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The Association Between Malaria, Blood Transfusions, and HIV Seropositivity in a Pediatric Population in Kinshasa, Zaire

Alan E. Greenberg, MD; Phuc Nguyen-Dinh, MD, MPH; Jonathan M. Mann, MD, MPH; Ndoko Kabote, MD; Robert L. Colebunders, MD; Henry Francis, MD; Thomas C. Quinn, MD; Paola Baudoux, MD; Bongo Lyamba, MD; Farzin Davachi, MD; Jacquelin M. Roberts, MS; Ngandu Kabeya; James W. Curran, MD, MPH; Carlos C. Campbell, MD, MPH
JAMA. 1988;259(4):545-549. doi:10.1001/jama.1988.03720040037023.
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Since Plasmodium falciparum malaria is a frequent cause of anemia among African children, and blood transfusions, unscreened for human immunodeficiency virus (HIV) antibody, are used frequently in the treatment of children with severe malaria, the relationships between malaria, transfusions, and HIV seropositivity were investigated in a pediatric population in Kinshasa, Zaire. In a cross-sectional survey of 167 hospitalized children, 112 (67%) had malaria, 78 (47%) had received transfusions during the current hospitalization, and 21 (13%) were HIV seropositive. Ten of the 11 seropositive malaria patients had received transfusions during the current hospitalization; pretransfusion specimens were available for four of these children and were seronegative. Of all blood transfusions, 87% were administered to malaria patients, and there was a strong dose-response association between transfusions and HIV seropositivity. A review of 1000 emergency ward records demonstrated that 69% of transfusions were administered to malaria patients, and 97% of children who received transfusions had pretransfusion hematocrits of 0.25 or less (≤25%). The treatment of malaria with blood transfusions is an important factor in the exposure of Kinshasa children to HIV infection.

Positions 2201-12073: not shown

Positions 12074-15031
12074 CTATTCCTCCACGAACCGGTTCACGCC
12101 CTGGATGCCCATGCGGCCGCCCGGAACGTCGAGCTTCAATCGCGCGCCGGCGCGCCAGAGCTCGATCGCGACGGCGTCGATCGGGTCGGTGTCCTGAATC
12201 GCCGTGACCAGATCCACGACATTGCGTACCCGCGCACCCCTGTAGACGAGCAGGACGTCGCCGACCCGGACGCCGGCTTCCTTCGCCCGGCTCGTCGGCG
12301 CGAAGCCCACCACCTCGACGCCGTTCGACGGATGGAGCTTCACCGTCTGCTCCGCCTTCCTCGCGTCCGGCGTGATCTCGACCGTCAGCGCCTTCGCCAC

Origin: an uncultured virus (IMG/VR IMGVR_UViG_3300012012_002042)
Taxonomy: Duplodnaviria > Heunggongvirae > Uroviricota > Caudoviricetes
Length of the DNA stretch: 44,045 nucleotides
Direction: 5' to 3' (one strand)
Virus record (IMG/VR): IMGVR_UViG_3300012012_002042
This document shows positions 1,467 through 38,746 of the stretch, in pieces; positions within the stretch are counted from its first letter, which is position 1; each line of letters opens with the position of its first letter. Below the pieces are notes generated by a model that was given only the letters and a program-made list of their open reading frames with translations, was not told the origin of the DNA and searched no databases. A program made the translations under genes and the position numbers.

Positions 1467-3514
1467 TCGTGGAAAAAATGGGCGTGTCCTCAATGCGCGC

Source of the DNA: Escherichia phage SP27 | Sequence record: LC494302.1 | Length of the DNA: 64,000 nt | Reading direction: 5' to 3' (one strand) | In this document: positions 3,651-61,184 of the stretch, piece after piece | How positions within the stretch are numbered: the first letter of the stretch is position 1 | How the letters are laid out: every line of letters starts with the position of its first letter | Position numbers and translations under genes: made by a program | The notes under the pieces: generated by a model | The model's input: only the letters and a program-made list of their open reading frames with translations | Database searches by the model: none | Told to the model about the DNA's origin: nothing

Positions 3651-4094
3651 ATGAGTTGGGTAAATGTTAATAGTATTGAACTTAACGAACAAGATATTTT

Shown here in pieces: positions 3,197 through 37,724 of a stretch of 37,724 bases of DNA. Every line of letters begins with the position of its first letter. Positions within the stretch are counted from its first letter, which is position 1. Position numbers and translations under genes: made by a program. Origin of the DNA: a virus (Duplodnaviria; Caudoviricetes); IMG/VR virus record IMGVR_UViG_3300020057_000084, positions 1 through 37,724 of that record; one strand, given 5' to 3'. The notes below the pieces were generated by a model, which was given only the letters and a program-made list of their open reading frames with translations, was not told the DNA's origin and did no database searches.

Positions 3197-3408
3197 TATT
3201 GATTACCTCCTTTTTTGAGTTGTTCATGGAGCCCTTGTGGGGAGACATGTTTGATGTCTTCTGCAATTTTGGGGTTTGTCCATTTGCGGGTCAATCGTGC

(JAMA 1988;259:545-549)


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